by NIR SHALEV
Based on Raymond Carver’s short story “Why Won’t You Dance”, Everything Must Go tells the story of Nick Halsey (Will Ferrell), an alcoholic who recently relapsed. As a result, he loses his long term job and also his marriage; his wife locks him out of his own house, his joint bank account is frozen, his car is seized, etc. This is only the first ten minutes of the film and it may seem grim, but this is an indie film that’s full of wonderful moments that left me smiling. Nevertheless, there are some dark moments too and they’re the best parts of the film.
All of Nick’s belongings are scattered across the front lawn and because he’s broke and lacks a vehicle, he decides to live out there. He settles in his comfortable reclining couch and is awoken every morning by the lawn’s water sprinklers. He makes friends with two neighbors: Kenny (Christopher Jordan Wallace), a slightly overweight, intelligent young boy; and Samantha (Rebecca Hall), a newcomer to the neighborhood whose husband is always out of town.
This is not a film that concerns itself with a labyrinthine plot because it’s entirely character based. The strongest aspect is- here it comes- Will Ferrell’s performance. He makes the drinking believable, as his character drinks all day and all night until he’s completely out of money, and is convincing throughout the entirety of the film. We like Nick and we sympathize with him, even though he deserved everything that’s happened and is happening to him. He’s not suffering from a mid-life crisis and he hadn’t purchased a Ferrari but he lives on his front lawn among all of his belongings and even his sponsor, Detective Frank Garcia (Michael Peña), issues an order that forces Nick to sell all of his property or move away within five days.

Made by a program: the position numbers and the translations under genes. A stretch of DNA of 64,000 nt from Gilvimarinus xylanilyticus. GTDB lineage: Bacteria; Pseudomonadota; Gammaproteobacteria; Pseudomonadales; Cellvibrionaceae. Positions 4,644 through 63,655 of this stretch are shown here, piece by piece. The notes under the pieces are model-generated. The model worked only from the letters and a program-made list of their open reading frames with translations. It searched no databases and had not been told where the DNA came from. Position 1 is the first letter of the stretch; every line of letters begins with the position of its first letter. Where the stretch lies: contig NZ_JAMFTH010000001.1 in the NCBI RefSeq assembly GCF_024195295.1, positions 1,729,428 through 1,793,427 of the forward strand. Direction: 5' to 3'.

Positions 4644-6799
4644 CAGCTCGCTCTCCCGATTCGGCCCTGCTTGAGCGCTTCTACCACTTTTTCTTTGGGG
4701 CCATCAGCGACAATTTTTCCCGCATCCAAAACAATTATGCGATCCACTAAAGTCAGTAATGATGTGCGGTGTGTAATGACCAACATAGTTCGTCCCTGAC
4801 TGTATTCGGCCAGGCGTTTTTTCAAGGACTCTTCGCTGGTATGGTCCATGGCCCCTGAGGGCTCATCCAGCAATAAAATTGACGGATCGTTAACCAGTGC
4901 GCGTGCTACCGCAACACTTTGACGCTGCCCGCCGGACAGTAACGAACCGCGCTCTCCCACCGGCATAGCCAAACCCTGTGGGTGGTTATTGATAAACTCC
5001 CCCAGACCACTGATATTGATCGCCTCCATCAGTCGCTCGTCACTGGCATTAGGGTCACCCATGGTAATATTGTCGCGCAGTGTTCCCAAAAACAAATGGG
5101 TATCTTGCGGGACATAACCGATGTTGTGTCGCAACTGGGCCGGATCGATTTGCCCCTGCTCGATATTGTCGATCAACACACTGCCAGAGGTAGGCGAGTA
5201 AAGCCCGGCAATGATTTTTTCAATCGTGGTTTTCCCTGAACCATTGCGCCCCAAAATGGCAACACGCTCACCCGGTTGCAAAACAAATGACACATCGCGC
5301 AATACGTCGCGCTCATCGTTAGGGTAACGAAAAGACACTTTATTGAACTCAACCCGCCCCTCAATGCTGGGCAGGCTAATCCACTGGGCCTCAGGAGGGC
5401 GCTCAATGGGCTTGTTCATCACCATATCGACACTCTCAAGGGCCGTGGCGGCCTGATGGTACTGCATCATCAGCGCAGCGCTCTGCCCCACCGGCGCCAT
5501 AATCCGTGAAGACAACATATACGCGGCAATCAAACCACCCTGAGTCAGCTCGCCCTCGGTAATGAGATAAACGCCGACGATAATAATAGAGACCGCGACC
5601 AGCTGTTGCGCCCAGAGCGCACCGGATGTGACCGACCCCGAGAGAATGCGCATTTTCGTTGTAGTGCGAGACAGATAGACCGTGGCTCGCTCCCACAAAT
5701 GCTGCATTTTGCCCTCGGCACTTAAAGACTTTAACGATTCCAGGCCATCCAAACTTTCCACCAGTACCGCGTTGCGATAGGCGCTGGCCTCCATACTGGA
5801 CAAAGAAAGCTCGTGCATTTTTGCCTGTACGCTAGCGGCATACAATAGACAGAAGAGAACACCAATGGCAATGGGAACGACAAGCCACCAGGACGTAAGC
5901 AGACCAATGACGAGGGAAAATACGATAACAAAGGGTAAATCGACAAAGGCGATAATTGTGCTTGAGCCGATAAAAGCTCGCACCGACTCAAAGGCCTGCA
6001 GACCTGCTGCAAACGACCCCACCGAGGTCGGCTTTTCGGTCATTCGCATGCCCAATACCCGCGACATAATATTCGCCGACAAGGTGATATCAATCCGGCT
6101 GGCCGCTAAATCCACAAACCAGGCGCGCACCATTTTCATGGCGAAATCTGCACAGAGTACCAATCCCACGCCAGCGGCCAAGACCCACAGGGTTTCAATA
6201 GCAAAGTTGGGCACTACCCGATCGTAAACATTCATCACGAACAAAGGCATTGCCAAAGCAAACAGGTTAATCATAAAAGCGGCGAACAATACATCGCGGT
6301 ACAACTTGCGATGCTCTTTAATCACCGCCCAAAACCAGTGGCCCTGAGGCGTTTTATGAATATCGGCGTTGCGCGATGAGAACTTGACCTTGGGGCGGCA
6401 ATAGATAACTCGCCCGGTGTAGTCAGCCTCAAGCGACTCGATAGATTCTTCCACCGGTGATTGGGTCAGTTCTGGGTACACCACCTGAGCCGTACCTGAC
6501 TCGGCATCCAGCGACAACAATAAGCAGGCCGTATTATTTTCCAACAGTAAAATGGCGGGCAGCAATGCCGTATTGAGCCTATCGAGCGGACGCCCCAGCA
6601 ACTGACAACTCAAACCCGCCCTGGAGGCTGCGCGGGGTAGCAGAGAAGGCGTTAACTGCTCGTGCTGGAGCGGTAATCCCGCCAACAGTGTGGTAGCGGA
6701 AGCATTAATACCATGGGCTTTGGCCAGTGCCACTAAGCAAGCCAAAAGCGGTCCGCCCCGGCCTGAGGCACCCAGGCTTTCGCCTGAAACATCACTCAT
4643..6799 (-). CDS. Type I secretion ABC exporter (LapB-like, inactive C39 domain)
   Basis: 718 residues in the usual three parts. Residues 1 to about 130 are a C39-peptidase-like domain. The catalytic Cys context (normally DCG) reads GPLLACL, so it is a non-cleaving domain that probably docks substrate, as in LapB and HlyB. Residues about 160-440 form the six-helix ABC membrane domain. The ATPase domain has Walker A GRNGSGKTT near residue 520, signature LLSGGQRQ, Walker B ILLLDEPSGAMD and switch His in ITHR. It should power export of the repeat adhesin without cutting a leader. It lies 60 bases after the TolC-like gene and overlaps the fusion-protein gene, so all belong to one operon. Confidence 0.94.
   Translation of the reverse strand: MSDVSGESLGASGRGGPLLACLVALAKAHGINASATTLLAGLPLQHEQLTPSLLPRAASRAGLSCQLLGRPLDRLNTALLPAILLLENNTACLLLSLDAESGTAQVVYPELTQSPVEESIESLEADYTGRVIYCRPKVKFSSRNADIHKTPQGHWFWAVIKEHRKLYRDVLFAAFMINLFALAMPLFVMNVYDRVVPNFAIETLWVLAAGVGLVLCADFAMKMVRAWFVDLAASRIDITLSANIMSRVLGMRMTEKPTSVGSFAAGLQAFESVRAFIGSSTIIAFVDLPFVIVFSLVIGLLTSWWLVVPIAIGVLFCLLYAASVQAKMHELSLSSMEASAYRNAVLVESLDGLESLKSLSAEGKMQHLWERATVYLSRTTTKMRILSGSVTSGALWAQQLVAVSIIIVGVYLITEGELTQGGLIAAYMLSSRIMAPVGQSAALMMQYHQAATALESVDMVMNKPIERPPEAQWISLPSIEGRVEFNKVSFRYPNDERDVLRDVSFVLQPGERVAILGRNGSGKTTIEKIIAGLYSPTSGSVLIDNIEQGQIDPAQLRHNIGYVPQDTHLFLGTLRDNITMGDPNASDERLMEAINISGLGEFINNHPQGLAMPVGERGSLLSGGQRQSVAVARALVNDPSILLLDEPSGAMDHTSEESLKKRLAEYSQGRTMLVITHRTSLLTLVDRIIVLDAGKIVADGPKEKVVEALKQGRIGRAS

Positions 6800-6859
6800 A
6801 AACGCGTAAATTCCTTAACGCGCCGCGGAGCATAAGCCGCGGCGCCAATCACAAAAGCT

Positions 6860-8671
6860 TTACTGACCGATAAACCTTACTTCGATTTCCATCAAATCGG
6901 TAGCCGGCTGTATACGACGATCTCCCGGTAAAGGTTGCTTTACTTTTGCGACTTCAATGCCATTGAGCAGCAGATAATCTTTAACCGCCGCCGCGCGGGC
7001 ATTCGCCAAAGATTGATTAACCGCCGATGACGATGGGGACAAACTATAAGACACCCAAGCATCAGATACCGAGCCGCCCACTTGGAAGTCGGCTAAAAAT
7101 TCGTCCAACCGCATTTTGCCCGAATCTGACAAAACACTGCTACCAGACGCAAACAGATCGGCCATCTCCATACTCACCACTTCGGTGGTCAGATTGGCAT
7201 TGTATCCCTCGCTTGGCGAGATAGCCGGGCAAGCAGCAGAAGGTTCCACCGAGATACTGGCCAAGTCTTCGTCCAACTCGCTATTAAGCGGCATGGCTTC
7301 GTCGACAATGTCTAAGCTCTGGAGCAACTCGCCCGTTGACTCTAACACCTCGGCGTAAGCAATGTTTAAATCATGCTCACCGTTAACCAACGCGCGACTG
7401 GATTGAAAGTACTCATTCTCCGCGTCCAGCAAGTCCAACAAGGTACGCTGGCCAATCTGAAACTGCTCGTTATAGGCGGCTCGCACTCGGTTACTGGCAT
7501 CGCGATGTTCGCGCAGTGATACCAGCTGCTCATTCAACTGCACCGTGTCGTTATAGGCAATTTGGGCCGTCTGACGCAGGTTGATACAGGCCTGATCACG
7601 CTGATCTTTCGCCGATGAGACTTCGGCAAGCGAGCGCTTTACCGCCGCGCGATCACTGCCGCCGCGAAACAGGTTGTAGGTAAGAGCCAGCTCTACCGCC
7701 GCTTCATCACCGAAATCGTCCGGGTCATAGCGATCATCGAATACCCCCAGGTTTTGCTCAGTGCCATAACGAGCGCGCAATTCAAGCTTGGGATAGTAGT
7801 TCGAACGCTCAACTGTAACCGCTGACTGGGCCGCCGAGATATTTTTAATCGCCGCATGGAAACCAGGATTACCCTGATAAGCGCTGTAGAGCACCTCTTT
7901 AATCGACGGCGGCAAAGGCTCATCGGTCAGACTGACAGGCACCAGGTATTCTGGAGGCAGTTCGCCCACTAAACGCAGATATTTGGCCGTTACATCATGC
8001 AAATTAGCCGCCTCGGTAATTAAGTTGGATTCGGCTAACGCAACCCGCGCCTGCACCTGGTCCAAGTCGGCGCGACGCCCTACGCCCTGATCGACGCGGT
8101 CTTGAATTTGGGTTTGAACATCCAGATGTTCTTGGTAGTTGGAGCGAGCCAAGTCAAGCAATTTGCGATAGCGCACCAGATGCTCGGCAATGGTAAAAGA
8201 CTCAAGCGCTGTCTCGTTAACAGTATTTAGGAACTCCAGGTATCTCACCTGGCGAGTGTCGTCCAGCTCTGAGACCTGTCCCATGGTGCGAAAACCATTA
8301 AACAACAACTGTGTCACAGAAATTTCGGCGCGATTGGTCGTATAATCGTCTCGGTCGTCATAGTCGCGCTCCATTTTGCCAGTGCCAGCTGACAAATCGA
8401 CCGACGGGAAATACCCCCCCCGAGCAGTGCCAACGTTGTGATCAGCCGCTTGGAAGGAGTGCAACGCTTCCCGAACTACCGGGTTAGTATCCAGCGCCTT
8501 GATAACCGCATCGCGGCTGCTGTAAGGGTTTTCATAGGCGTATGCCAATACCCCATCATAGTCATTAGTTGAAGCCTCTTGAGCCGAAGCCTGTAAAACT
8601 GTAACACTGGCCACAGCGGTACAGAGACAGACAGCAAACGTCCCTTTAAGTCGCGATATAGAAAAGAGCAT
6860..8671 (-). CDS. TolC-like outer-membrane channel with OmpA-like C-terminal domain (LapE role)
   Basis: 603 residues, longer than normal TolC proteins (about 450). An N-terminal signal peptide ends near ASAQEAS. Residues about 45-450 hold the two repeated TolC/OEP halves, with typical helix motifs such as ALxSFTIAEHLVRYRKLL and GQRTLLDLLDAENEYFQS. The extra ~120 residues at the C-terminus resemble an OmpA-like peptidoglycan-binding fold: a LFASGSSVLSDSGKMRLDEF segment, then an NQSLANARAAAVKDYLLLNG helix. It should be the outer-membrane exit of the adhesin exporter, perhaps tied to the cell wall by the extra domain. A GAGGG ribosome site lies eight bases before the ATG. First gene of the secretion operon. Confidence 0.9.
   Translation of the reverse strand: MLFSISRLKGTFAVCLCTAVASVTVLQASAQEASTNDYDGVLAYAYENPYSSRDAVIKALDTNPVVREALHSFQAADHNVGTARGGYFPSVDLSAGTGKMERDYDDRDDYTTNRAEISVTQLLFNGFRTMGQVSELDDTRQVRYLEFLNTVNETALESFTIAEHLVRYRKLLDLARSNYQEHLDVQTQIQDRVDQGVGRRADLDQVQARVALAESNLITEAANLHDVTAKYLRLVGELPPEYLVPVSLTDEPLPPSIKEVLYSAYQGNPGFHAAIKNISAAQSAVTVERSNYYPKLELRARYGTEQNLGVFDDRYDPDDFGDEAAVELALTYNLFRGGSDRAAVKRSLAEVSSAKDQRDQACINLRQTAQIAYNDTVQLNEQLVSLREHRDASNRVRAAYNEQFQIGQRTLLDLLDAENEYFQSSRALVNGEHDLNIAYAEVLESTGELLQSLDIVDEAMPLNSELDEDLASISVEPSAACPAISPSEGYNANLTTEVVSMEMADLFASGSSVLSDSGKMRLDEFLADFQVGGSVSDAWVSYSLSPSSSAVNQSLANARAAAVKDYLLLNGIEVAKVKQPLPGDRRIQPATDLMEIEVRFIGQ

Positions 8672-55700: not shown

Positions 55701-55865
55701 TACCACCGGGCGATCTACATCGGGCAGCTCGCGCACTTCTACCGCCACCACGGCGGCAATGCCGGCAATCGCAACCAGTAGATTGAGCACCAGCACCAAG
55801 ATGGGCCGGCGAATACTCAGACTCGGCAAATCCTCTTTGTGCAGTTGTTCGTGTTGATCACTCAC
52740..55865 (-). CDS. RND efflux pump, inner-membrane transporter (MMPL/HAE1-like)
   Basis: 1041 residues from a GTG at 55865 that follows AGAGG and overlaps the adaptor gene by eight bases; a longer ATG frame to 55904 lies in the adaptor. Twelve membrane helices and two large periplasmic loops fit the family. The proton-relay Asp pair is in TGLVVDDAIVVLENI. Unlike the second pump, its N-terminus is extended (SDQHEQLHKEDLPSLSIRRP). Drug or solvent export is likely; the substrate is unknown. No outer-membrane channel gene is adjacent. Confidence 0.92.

The film rides almost entirely on its performances because, for what reason I cannot deduce, it chooses to not take risks. If this was to have a higher budget, a more serious tone, and a darker visual style it could have been a great film but instead it’s only really good. I recommend this film mostly because of Ferrell’s performance, proof that comedic actors can be excellent in dramas (more so than the other way around). Adam Sandler did it with Punch-Drunk Love (2002), Jim Carrey with Eternal Sunshine of the Spotless Mind (2004), Robin Williams with Good Morning Vietnam (1987) and What Dreams May Come (1998), and now Will Ferrell proves it with Everything Must Go.
The DVD and Blu-ray come with an Audio Commentary with Director Dan Rush and Actor Michael Peña, a Will Ferrell featurette, a Behind the Scenes Featurette, and Deleted Scenes.